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Colombia peace talks in crisis as FARC ends ceasefire

Colombian soldiers stand by equipment, weapons and the corpse of one of ten soldiers killed by the Revolutionary Armed Forces of Colombia (FARC) guerrillas, in a rural area of Buenos Aires, department of Cauca, Colombia, on April 15, 2015
Colombian soldiers stand by equipment, weapons and the corpse of one of ten soldiers killed by the Revolutionary Armed Forces of Colombia (FARC) guerrillas, in a rural area of Buenos Aires, department of Cauca, Colombia, on April 15, 2015 AFP / Luis Robayo

Peace talks to end Colombia's five-decade conflict were plunged into fresh crisis Friday after FARC guerrillas suspended their unilateral ceasefire in response to a government air strike that killed 26 rebels.


The December ceasefire announcement by the Revolutionary Armed Forces of Colombia (FARC) had raised hopes that the two-year-old peace negotiations were approaching a breakthrough. But tensions have spiralled since the rebels killed 11 soldiers in an ambush last month.

On April 15, the day after the ambush, a furious President Juan Manuel Santos ordered the military to resume air strikes against the leftist FARC, which he had suspended on March 11 in recognition of their ceasefire.

Thursday night's air strike and ground attack was the deadliest assault on the FARC since that announcement.

It targeted a FARC base in the western department of Cauca, the FARC stronghold where the rebels carried out the ambush.

The strike came on the same day the government and FARC opened a new round of peace talks, seeking to make progress on ending a conflict that has killed more than 200,000 people.

The FARC, which has defended the April ambush as a "defensive" action taken against an army siege, vehemently condemned the air strike.

The rebel fighters were "murdered in the deep of night and sound asleep, with 250-kilogram (500-pound) bombs, without a chance to fight back," Pastor Alape, a member of the FARC negotiating team, wrote on Twitter, calling it "a treacherous and degrading act."

Soon after, the rebel negotiating team announced on its blog that the FARC was ending its unilateral ceasefire after six months.

"We didn't plan to suspend the ceasefire... but the incoherence of the Santos administration has achieved it, after five months of ground and air offensives against our units across the country," they said.

They said they were still committed to continuing the talks, but reiterated their call for a bilateral ceasefire -- which Santos has repeatedly refused to grant without a final peace deal.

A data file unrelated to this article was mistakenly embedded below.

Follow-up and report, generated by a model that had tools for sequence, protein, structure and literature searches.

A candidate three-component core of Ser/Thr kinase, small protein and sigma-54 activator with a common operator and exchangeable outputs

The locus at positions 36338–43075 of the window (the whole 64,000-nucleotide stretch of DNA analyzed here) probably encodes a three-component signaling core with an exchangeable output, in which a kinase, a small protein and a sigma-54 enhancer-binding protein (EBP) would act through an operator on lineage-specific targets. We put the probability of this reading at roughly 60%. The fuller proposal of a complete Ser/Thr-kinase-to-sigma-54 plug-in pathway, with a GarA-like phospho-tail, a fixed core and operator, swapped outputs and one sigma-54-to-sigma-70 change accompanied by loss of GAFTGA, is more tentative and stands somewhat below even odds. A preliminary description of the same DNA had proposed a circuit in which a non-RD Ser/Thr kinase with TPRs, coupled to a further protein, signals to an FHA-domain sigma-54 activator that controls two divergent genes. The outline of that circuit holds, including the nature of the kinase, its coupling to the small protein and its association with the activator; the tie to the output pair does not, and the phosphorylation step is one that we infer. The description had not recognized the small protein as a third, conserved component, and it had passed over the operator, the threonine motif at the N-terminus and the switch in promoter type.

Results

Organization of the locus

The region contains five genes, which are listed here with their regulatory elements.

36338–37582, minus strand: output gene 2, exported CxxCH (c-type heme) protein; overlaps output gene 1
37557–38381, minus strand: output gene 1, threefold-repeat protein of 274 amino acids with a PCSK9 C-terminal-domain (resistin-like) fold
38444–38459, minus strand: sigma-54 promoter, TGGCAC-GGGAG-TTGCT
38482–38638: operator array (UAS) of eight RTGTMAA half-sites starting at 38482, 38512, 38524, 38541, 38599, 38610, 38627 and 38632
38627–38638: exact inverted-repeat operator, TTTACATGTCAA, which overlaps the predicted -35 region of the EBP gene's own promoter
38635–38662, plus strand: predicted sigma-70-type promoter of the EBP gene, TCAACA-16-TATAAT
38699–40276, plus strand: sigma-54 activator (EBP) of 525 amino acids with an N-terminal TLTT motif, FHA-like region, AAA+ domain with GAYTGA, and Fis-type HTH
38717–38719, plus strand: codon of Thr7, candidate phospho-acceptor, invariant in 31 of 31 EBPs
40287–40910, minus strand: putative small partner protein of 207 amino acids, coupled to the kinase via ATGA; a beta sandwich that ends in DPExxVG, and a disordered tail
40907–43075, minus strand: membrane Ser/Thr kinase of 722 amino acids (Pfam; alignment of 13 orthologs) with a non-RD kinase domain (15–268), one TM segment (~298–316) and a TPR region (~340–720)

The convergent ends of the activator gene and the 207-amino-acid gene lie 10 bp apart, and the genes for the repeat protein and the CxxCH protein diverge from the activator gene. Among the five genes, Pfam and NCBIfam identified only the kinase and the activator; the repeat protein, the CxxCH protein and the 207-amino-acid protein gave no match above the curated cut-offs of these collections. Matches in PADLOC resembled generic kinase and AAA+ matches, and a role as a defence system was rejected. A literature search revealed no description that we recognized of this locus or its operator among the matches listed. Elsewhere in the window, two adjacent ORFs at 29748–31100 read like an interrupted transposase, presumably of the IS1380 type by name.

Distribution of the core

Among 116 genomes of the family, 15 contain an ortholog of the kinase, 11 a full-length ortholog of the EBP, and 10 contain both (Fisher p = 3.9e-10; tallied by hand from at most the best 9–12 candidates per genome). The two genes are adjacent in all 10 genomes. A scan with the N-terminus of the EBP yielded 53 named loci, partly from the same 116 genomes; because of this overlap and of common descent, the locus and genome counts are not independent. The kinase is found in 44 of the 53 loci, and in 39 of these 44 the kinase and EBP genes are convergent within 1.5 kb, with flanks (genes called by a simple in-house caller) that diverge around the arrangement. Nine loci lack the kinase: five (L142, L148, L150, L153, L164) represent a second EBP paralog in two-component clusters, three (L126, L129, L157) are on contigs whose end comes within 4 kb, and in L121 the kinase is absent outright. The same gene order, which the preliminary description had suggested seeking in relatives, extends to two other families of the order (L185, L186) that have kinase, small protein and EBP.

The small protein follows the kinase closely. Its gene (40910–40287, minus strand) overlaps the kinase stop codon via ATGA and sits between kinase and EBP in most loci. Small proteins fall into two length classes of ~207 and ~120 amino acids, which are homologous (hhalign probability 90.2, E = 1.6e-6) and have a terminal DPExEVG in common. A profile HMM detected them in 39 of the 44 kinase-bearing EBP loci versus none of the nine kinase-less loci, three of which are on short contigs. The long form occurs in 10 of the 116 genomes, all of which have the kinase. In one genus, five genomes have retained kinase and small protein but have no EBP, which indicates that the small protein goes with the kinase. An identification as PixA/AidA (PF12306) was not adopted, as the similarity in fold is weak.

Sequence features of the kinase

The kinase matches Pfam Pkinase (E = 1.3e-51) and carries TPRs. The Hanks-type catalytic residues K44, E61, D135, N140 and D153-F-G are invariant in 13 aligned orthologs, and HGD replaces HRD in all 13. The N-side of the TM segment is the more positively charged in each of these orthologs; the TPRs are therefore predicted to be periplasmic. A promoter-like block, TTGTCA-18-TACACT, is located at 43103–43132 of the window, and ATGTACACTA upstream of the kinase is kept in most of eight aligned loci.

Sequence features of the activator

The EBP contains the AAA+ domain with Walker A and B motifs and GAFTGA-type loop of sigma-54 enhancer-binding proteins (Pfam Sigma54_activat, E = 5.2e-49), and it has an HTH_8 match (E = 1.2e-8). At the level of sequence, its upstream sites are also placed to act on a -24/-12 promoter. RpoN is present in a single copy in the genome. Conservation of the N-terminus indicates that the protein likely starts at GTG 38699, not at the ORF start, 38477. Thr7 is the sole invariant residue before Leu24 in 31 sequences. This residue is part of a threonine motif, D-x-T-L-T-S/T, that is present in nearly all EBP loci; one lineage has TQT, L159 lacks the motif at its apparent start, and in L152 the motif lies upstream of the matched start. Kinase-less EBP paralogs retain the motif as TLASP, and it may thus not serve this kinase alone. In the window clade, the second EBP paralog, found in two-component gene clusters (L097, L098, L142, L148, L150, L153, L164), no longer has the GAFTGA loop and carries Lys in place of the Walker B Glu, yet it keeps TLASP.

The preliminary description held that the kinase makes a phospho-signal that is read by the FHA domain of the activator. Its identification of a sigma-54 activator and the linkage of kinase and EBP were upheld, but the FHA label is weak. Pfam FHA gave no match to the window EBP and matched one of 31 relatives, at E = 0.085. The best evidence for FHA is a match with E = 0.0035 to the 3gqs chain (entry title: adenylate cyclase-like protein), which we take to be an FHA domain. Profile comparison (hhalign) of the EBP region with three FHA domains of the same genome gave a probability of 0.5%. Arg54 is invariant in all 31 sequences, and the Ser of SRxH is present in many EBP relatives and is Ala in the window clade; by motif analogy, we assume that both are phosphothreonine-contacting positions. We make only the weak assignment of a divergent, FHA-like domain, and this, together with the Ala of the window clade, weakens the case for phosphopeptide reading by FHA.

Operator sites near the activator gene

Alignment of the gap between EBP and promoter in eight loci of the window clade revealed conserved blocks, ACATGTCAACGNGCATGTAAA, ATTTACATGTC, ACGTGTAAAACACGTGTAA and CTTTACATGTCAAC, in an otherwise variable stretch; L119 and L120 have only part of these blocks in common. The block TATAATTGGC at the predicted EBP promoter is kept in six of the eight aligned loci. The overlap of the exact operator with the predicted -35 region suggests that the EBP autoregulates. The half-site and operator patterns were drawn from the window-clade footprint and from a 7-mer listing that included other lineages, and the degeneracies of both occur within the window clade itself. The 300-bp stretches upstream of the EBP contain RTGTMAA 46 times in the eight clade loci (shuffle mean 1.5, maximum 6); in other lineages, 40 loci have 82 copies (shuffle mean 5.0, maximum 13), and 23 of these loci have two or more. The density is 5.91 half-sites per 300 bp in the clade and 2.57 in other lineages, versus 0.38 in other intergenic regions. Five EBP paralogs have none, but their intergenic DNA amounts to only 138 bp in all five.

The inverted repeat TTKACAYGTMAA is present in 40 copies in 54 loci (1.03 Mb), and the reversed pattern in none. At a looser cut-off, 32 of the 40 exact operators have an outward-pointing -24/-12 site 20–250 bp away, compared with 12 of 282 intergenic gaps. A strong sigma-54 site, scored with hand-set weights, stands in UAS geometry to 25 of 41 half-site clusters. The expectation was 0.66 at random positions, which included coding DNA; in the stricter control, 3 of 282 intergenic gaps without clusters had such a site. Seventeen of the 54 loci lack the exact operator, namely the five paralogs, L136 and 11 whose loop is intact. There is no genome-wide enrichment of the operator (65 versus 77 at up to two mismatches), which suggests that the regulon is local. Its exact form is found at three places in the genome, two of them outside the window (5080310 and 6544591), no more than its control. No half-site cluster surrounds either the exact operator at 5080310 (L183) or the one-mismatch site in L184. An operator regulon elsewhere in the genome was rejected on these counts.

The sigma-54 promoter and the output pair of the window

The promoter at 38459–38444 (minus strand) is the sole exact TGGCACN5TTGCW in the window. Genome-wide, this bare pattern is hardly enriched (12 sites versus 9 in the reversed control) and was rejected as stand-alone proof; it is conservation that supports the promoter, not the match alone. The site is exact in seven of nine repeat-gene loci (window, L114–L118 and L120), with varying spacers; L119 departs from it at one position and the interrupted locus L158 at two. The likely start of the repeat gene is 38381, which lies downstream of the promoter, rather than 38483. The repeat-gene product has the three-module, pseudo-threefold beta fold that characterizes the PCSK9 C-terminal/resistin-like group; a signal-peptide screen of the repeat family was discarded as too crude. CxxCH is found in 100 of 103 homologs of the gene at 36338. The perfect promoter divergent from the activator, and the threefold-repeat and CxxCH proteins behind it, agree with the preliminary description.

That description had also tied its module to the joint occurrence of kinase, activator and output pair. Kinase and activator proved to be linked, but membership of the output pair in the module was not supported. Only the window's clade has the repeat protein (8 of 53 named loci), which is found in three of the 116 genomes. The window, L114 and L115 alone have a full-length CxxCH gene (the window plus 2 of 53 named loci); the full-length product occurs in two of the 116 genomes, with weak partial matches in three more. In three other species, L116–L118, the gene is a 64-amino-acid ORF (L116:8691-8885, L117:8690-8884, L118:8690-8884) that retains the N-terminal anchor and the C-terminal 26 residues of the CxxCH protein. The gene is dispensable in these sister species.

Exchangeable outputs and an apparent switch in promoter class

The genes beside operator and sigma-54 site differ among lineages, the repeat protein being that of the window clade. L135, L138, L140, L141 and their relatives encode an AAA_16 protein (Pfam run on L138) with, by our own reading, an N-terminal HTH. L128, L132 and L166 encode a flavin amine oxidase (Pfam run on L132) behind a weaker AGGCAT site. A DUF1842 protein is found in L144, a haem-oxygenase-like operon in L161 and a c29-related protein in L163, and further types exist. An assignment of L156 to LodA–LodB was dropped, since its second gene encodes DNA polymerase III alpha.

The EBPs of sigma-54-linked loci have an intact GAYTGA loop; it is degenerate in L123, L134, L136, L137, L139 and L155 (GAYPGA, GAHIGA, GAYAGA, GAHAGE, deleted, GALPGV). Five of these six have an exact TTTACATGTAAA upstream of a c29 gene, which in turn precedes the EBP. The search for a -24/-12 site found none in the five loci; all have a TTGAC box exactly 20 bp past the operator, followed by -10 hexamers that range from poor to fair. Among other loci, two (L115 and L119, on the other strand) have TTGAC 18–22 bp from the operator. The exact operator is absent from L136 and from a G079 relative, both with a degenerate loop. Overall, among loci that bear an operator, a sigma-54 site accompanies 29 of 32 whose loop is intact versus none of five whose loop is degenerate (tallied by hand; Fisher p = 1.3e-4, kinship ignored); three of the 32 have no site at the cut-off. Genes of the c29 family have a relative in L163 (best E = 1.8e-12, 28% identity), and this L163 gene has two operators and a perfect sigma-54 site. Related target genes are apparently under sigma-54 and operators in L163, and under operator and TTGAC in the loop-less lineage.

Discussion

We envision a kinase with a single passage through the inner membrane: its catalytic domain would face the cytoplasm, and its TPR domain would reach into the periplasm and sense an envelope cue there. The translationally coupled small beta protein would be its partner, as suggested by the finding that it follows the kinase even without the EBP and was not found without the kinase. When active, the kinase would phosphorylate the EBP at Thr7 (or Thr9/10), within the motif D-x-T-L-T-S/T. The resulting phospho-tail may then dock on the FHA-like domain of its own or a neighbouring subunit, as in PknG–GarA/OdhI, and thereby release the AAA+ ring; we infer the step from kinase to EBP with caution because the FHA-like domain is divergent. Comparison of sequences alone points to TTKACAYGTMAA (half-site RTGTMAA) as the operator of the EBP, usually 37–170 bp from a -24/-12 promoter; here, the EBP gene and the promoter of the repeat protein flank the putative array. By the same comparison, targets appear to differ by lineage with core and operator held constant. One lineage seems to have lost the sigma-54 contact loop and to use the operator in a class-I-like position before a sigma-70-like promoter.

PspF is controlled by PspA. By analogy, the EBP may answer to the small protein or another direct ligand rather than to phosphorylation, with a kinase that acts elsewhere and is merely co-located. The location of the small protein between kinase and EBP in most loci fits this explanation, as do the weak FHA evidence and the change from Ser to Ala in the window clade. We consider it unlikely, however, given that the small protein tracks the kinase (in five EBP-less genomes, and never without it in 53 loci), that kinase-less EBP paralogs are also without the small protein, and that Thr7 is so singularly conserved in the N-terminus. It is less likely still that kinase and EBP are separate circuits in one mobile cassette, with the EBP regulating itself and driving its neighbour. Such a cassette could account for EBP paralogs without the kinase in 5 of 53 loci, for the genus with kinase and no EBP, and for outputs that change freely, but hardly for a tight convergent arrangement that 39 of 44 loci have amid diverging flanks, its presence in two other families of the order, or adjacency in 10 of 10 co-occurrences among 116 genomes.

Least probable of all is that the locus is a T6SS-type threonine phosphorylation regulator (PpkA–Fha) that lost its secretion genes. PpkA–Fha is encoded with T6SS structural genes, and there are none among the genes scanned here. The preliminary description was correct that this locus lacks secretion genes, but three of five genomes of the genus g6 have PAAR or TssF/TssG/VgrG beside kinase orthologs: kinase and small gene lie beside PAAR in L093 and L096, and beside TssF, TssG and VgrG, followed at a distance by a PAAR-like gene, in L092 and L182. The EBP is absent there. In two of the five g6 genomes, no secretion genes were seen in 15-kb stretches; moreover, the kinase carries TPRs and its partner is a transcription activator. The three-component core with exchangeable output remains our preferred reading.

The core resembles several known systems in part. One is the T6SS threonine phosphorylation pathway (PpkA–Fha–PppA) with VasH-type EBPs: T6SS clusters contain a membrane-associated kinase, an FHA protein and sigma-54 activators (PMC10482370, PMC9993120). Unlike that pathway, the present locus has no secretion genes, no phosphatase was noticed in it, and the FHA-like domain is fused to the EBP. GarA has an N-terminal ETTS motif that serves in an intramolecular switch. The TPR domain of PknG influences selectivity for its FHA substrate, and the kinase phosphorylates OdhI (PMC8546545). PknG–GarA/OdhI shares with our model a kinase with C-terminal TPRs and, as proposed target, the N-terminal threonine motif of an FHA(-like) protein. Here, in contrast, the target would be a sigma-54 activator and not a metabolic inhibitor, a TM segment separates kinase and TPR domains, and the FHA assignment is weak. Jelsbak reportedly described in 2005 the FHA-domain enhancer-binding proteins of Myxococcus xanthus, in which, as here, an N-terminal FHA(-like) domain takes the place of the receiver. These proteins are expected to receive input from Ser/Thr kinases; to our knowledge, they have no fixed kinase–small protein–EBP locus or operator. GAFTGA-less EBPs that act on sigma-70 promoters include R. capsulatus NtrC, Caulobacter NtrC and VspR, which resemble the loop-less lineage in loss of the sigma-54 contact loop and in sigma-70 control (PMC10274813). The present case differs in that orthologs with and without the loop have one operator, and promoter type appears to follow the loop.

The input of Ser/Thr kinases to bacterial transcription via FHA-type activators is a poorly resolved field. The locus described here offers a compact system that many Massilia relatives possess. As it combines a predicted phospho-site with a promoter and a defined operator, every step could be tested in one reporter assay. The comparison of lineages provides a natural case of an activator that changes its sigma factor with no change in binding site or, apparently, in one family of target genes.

"Against our will we have to pursue dialogue in the midst of confrontation," they said.

"Although Santos has announced he will maintain the offensive, we insist on the need to grant the bilateral ceasefire the national majority has demanded with such insistence, for the health of the peace process and to avoid more victims."

A scheduled meeting Friday between government and rebel negotiators on their landmark agreement to cooperate on clearing the landmines that litter the Colombian countryside was called off, a Cuban foreign ministry official told AFP.

The two sides were expected to go ahead with the next scheduled meeting on Saturday.

Cuba is hosting the peace talks.

Flare-ups strain talks

Thursday's attack involved both military and police.

It targeted a FARC unit that the army blames for a November attack on the Pacific island of Gorgona that killed one of its lieutenants, a military source said.

Santos defended the strike, which he called a "very important blow" against the FARC.

"This is a legitimate action by the state in defense and protection of its citizens. These are the rules of the game that we have established."

After the FARC announced the suspension of their ceasefire, he vowed the military was "prepared" for any new attacks.

But in a Twitter post, he called on the FARC to double down on the peace process.

"Gentlemen of the FARC: It is time to accelerate negotiations. How many more deaths are needed to understand that now is the time for peace!"

The peace talks began in 2012 and have been continually derailed by attacks from both sides, including the FARC's capture of an army general in November.

The negotiations have reached partial deals on several issues, including political participation for FARC members and fighting the illegal drug trafficking that has fueled the conflict.

But a final accord remains elusive.

The FARC was founded in 1964 and has about 8,000 fighters.

FARC negotiators recently met the National Liberation Army (ELN), another leftist rebel group with about 2,500 fighters, on joining the peace process.


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